With COVID-19 cases increasing, Blue Ridge Health District officials are following federal guidance by offering a third vaccine dose for people with compromised immune systems.
During a virtual press conference Monday, officials said additional doses of the Pfizer and Moderna vaccines will be available to those with moderately to severely compromised immune systems. The additional doses are part of an expanded medical protocol to protect those who are immunocompromised. They are not considered booster shots, officials said.
Many pharmacies and doctor’s offices are offering third doses and appointments may be scheduled on the district website at virginia.gov/blue-ridge/covid-19-vaccination.
The district includes the city of Charlottesville and Albemarle, Fluvanna, Greene, Louisa and Nelson counties.
“We’ll be offering, by appointment only, the third doses at our local health district vaccination centers in the localities,” said Jen Fleisher, COVID vaccine project manager for the BRHD. “We’ll also have third doses available at the [mobile vaccine center], on Charlottesville’s Downtown Mall on Mondays.”
No proof of medical need will be required to get the third shot. District officials said anyone wondering if they should get the added dose should contact their medical care provider.
“Once you make the appointment, there is no formal document that’s needed, apart from the medical questionnaire you fill out,” Fleisher said.
Officials said the area is being hit by the delta variant of COVID-19, which is surging across the country. The district has a 5.3% positivity rate for COVID tests administered in the last seven days, the highest that figure has been since Jan. 23, when it was 5.2%.
Hospitalizations also are increasing. The University of Virginia Medical Center reported a seven-day average of 5.29 patients per day admitted for COVID-19 as of Sunday and listed 33 patients currently being treated in its COVID care units.
The hospital registered as few as five COVID patients being treated through much of June and early July.
“We’ve been seeing an increase in the number of cases on a daily basis for about a month, so this current surge has happened somewhat quickly,” said Ryan McKay, COVID incident commander for the district. “While case counts are increasing, we’re also seeing more close-contact cases after [mask and social distance restrictions] opened up in June.”
McKay said most people testing positive are unvaccinated. That includes children under 12 and adults who have not been vaccinated. He said the recent state mandate that schools require masks will help tamp down the spread among younger children.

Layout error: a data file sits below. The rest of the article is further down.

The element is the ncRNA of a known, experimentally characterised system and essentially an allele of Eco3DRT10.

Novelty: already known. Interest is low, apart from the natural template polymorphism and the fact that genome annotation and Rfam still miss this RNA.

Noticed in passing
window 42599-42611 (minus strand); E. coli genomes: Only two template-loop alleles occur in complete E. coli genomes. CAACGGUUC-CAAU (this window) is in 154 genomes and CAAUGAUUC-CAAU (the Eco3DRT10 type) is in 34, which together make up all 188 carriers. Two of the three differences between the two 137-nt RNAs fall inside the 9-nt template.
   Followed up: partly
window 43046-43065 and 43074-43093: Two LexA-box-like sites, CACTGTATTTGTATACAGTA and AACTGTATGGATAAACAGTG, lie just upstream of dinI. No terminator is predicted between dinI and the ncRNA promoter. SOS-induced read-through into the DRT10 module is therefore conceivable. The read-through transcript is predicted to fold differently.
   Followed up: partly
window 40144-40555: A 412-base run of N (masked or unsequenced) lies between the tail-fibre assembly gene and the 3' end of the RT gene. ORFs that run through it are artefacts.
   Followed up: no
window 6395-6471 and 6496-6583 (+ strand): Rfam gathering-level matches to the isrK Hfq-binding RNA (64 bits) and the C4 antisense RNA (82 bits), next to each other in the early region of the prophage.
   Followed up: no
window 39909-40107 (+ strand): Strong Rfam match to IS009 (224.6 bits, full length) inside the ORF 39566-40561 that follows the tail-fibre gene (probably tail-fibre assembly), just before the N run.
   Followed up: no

The federal Food and Drug Administration and Centers for Disease Control and Prevention also are investigating whether to allow vaccinations for children younger than 11 on an emergency basis, officials said.
“The delta variant is far more contagious than we have experienced so far,” McKay said. “Those masks will be a critical step in minimizing risk of transmission. It may not completely eliminate it, but it will minimize it.”
McKay said the spread has occurred evenly across the entire district. Each locality rose from low to moderate transmission in July, as rated by the CDC, and to high or substantial spread level as of Monday.
“We’re definitely in a surge, and cases will continue to increase as we see individuals come into close contact over the next few weeks,” he said.
Dr. Denise Bonds, BRHD director, said the return of students to schools and to UVa could provide an uptick in case counts because of people being in close proximity in indoor settings.
UVa is requiring all students to be vaccinated and to provide proof of vaccination prior to coming to Grounds. The school also is requiring masks to be worn in all indoor university facilities except for dormitories and other student housing or in associated common areas.
UVa officials have said they will review COVID case counts and decide by Sept. 6 whether to continue masking requirements.
Bonds said the masking requirement, and similar requirements for local school districts, should help lower case counts.
“We do know from other parts of the country that delta is a little bit different than the previous variants,” Bonds said. “Individuals who have been vaccinated can be infectious if they become infected with delta. They are going to spread virus particles, but the good news is that the individual who has had the vaccine is protected [from serious illness].”
Bonds said she has all but given up predicting the future when it comes to COVID, but believes that vaccinations, masks and avoiding crowded indoor spaces could prevent the type of post-holiday surge seen across the country last year.
“I think the difference this year is that we have three effective vaccines and we know they work and they work against the delta variant. The sooner we get people vaccinated, the less likely we will be to have another variant occur. Variants happen when spread happens,” Bonds said.
“I’m cautiously optimistic,” she said. “It’s a pretty clever virus, if you want to attribute human characteristics to it.”